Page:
Now it’s possible you may know more about something than 99.9% of the population. But consider this: even those few special people that are at that level of expertise rarely express how smart they are. It just goes without saying. This is really just to point out the Importance of having humility about what you don’t know. Chances are pretty good when someone tells you they know more about something than anyone else (sound familiar?), they really don’t know diddly.
So I’m not going to try to tell you there is a better way of doing things. Rather, I hope to help you persuade yourself that there is a better way of doing things.
Who am I and why am I talking to you about marketing? (feel free to skip ahead if you’re not big on stories and sentimentality)
I have been in practice as a cornea specialist since 1995 and for many years was a managing partner of our large multi-subspecialty ophthalmology practice in north central Florida.
I have written, blogged, and podcasted on a variety of technology-related issues, including a long-running column in Ophthalmology Management magazine on EMR implementation. I probably learned more about EMR from researching and writing about it than I would have known otherwise (but don't ask me which EMR system you should get - I've been out of the marketing for a long time). I also currently blog on Healio and Covalent on ophthalmic practice marketing.
I first developed an interest in marketing in the 1980s when my father reluctantly left academic medicine and started a private practice at the age of 50. Also an ophthalmologist (and also a cornea specialist as well as the inventor of the cornea double forceps, founder of The Castroviejo Society - which became The Cornea Society, and founding editor of The Cornea Journal - which became the official publication of The Cornea Society), he was a great clinician and teacher but he wasn’t much of a businessman. He got talked into some expensive advertising campaigns - filmed, not digital, in those days - which were not very effective.
Actually it was not his first foray into private practice. When he was junior faculty at Columbia, he had a private office in another town after-hours (with the permission of his professor, of course). In those days, doctors were not allowed to advertise their medical practices. He once told me you could only put a sign in your window (literally!) and the medical society had the authority to come by and measure it to make sure it did not exceed the allowable dimensions for that jurisdiction.
But after having been in academic medicine for so long, he didn't really understand the business of medicine at a time when it was becoming increasingly important. It was not enough to be a 'world-famous' eye doctor - in fact, he was known more around the globe than he was in his hometown of Gainesville, Florida. An ophthalmologist in his shoes, 30-40 years ago, would have been shocked to know that successful practices today are not run by the doctor's spouse but by a certified administrator who might earn more than a primary care doctor.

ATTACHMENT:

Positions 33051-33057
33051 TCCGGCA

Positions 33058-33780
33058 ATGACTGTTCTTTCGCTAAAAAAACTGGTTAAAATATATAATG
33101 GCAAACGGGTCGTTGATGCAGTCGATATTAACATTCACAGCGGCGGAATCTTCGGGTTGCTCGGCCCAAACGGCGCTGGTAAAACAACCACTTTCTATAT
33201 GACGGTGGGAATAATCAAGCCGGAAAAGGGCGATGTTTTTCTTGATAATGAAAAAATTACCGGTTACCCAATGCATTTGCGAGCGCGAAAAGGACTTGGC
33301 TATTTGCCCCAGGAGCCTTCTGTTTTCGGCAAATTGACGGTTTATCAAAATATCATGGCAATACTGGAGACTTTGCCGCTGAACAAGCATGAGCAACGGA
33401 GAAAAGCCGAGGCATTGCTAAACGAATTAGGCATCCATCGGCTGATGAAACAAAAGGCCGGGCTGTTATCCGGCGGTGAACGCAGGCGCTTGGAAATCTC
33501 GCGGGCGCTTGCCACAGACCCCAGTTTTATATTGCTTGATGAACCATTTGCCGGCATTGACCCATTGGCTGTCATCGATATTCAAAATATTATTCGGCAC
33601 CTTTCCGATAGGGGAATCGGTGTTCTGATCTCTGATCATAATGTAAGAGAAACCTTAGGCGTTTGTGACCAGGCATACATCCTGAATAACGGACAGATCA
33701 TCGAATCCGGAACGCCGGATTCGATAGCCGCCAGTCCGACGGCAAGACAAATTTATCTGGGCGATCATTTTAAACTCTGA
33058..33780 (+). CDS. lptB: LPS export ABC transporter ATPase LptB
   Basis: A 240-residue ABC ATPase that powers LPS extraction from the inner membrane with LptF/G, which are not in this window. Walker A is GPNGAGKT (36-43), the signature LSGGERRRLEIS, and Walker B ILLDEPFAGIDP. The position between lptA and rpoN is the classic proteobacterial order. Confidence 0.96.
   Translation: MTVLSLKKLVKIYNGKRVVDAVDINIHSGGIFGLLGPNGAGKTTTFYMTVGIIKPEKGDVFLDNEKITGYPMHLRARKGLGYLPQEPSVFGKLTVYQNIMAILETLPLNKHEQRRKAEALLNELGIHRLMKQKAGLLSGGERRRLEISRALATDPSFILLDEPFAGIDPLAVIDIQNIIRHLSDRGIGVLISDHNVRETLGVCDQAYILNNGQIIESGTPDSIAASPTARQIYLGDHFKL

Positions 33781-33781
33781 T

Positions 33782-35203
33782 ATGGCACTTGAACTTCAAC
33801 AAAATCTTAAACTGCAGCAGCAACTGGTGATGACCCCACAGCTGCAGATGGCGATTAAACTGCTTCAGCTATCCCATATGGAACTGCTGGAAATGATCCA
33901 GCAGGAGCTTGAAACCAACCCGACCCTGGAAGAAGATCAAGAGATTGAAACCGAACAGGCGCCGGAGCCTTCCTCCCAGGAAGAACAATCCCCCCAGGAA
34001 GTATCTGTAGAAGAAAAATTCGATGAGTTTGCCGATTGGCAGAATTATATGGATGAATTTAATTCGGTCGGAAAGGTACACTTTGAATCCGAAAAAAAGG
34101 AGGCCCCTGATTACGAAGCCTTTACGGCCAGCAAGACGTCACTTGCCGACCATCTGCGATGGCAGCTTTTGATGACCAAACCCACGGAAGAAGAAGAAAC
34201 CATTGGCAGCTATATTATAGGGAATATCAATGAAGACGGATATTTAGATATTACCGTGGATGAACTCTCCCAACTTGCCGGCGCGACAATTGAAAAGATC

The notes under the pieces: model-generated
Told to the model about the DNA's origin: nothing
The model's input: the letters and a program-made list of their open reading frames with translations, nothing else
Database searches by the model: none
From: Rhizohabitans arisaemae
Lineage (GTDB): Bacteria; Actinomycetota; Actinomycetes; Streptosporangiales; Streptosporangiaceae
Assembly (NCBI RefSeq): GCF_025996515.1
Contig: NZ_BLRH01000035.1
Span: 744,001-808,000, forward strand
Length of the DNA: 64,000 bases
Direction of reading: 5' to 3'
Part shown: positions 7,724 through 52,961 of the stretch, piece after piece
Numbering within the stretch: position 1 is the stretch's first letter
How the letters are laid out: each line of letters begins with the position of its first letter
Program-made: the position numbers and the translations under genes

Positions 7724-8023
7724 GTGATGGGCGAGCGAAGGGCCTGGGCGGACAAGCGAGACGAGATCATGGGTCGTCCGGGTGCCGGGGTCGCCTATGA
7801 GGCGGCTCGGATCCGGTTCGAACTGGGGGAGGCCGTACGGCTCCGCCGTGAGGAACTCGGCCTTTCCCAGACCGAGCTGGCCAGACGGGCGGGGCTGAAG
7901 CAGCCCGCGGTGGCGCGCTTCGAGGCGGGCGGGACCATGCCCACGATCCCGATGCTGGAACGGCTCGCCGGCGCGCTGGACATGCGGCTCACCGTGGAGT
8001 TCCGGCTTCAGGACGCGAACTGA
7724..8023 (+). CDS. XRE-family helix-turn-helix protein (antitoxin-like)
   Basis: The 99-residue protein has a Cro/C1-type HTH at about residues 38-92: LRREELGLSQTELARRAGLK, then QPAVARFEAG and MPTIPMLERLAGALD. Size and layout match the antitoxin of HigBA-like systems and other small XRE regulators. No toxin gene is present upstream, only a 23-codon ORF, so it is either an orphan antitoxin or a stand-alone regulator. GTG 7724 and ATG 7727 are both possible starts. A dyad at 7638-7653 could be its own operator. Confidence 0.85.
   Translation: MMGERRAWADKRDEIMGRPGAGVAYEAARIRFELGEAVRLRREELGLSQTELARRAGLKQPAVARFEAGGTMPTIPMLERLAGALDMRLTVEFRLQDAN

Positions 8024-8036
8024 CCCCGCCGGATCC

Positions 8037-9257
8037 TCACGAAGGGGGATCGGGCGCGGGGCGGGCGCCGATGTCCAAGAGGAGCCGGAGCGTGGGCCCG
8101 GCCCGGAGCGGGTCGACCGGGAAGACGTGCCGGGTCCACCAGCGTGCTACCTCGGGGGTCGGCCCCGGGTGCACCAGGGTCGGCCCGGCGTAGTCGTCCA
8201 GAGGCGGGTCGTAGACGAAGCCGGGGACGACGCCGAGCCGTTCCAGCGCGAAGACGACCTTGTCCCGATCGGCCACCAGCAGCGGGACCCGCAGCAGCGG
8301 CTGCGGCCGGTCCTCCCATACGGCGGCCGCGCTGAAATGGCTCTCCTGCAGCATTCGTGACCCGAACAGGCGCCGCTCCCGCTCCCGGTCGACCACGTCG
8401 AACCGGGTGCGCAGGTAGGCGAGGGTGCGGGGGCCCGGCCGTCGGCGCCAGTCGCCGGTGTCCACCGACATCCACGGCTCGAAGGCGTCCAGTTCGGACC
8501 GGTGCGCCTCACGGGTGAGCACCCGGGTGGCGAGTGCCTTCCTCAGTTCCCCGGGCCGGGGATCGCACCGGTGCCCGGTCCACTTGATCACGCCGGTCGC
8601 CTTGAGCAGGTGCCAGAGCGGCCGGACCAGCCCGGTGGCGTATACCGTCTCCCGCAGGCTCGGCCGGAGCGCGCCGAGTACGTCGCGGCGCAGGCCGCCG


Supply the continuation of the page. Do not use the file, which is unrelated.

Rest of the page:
Anyways, I worked for a short time in his office before my residency training as well as for a year after my training before ultimately joining the group I am currently with. In between, I completed a cornea fellowship. So I have a unique perspective having experienced the workings of a solo practice, an academic practice, and then a group practice.
Over time, my interest in marketing, coupled with a practice whose partners were visionary, never satisfied with the status quo and willing to try new things, led to many firsts among our peers including:
- a website (check out what our site looked like decades ago - go ahead and laugh but almost no physicians had websites at the time)
- a formal marketing department with a dedicated marketing director
- trademarking of corporate names and logos (and one of my first tasks was to change the original 'horse' logo - which met a lot of resistance by the way; although horses mean a lot to Ocala natives, since this is thoroughbred country, most outsiders thought we were veterinarians!)
- social media marketing before it was cool
- corporate style sheet
- use of a CRM (customer relationship management) system
- marketing funnels
- online patient education assets
- and operational process mapping.
Postulate 3: Information is not the same as knowledge
Google the following:
- when is the mating season of the love bug?
- how many aircraft can the USS Nimitz carry?
- what was Tom Hanks’ first movie?
OK, did you get your answers? So now you have three pieces of information that you did not have before (unless you are a Tom Hanks fan).
Now, what useful action can you take or important decision can you make using that information? Not much probably.
Information is data.
Knowledge, on the other hand, is the awareness and understanding of a subject.
There is more information today than we know what do to with. According to Forbes, 90% of the data in the world was created in the last two years!
The amount of data created every minute of every day, www.domo.com